What happens when creeps post creepy sexual pictures publicly on social websites, link to their real identities, and then someone decides to collect those real identities all in one place? All internet hell breaks loose, apparently.
Anyone, especially a prominent guy in tech and investing, who makes a call for newly-minted Yahoo! CEOMarissa Mayer to “beat the living crap out of the Old Boy Network” is both going to get my attention and likely win my heart. It’s exciting when women working in information industries, who are on the front lines daily fighting for gender equity in tech and media, see a dude jump in feet-first with ideas on making women’s visibility and contributions primary issues. And, to boot, Dave McClure is well-known for supporting numerous women-led startups in entrepreneurship circles where women are leaders and primary participants. All of these pieces are Very Good Things.
That’s right! Me, who never wins anything! Planned Parenthood awards all kinds of designations each year, and for my work on Planned Parenthood Saved Me, they’ve given me their first-ever 2012 Social Media award. I’m honored!
Here are the remarks I shared at the award luncheon today:
First, thank you Planned Parenthood, not only for your health care and advocacy, but for championing women without fail, with what seems like without compromise. That’s rare in our political climate. Planned Parenthood has successfully negotiated that emotional connection we all feel to the work they do, whether that’s through their clinics or their advocacy, and turned it into a relationship. They’ve embraced social media, both their own properties and the wider world’s conversations.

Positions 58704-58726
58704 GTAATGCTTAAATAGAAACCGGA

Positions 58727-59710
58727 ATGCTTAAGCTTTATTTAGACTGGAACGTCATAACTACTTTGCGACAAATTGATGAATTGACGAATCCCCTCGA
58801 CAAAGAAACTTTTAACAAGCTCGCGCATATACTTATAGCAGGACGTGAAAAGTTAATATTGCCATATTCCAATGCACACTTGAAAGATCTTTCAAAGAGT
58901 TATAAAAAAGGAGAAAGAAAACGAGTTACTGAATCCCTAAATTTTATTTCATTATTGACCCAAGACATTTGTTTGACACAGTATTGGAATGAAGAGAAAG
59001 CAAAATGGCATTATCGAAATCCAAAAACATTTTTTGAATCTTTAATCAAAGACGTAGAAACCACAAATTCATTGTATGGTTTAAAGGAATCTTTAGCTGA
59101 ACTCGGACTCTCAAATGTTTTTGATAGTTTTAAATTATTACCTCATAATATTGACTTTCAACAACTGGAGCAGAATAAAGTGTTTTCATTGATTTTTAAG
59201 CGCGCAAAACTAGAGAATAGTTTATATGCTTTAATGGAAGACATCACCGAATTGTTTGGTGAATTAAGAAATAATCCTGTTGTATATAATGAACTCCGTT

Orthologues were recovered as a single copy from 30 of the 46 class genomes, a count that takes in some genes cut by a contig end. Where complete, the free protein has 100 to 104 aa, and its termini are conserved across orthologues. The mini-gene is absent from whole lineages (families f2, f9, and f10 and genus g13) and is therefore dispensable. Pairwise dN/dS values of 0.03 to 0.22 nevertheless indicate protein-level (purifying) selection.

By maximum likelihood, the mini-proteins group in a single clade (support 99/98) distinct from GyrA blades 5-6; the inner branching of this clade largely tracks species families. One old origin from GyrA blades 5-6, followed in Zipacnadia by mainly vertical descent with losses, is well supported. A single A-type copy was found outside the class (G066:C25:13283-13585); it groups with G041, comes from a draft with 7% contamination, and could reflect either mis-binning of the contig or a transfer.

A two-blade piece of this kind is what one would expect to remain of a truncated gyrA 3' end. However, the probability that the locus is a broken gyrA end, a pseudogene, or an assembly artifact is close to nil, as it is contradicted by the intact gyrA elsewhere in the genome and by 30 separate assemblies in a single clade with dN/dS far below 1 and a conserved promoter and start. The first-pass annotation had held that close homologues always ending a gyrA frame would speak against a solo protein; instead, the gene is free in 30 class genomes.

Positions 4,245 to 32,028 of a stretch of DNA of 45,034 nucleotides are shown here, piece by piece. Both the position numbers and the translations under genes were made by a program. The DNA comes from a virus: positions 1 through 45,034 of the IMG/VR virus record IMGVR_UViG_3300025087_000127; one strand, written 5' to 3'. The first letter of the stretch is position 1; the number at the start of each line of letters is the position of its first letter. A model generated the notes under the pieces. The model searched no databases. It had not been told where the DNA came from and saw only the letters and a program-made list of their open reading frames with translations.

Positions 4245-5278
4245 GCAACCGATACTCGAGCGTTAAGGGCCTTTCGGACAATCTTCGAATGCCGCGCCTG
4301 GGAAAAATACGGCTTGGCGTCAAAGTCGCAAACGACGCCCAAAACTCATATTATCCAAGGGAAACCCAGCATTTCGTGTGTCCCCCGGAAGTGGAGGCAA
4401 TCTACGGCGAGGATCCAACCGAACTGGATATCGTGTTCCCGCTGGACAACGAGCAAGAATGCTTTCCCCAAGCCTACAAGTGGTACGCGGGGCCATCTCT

But also, I’m sharing this award with all the women who shared their stories on Planned Parenthood Saved Me. It’s a crying shame that we live in a world where this is an act of bravery, but that’s what it was. The women that said, “I would have bled to death if it weren’t Planned Parenthood,” or “Planned Parenthood’s staff were the only people who understood me after I was assaulted,” or “Planned Parenthood found my cancer.” That’s what you do. That is your work, and we thank you.
Which is the last thing I want to share– I really want people to understand that PP Saved Me blew up not because Rachel Maddow read from it on her show, or that it was in the Washington Post and a dozen other major major outlets. More than half the traffic to the site came before any major media mention, and that traffic came from Facebook, Twitter & Tumblr.
Women sharing their stories with one another made the difference her. Our stories matter, more than ever.
If you want to learn more about how the Planned Parenthood Saved me campaign worked, check out this 10-minute talk I gave at Personal Democracy Forum: “Don’t Mess with Our Boobs: Ad-Hoc Networks and Online Power.“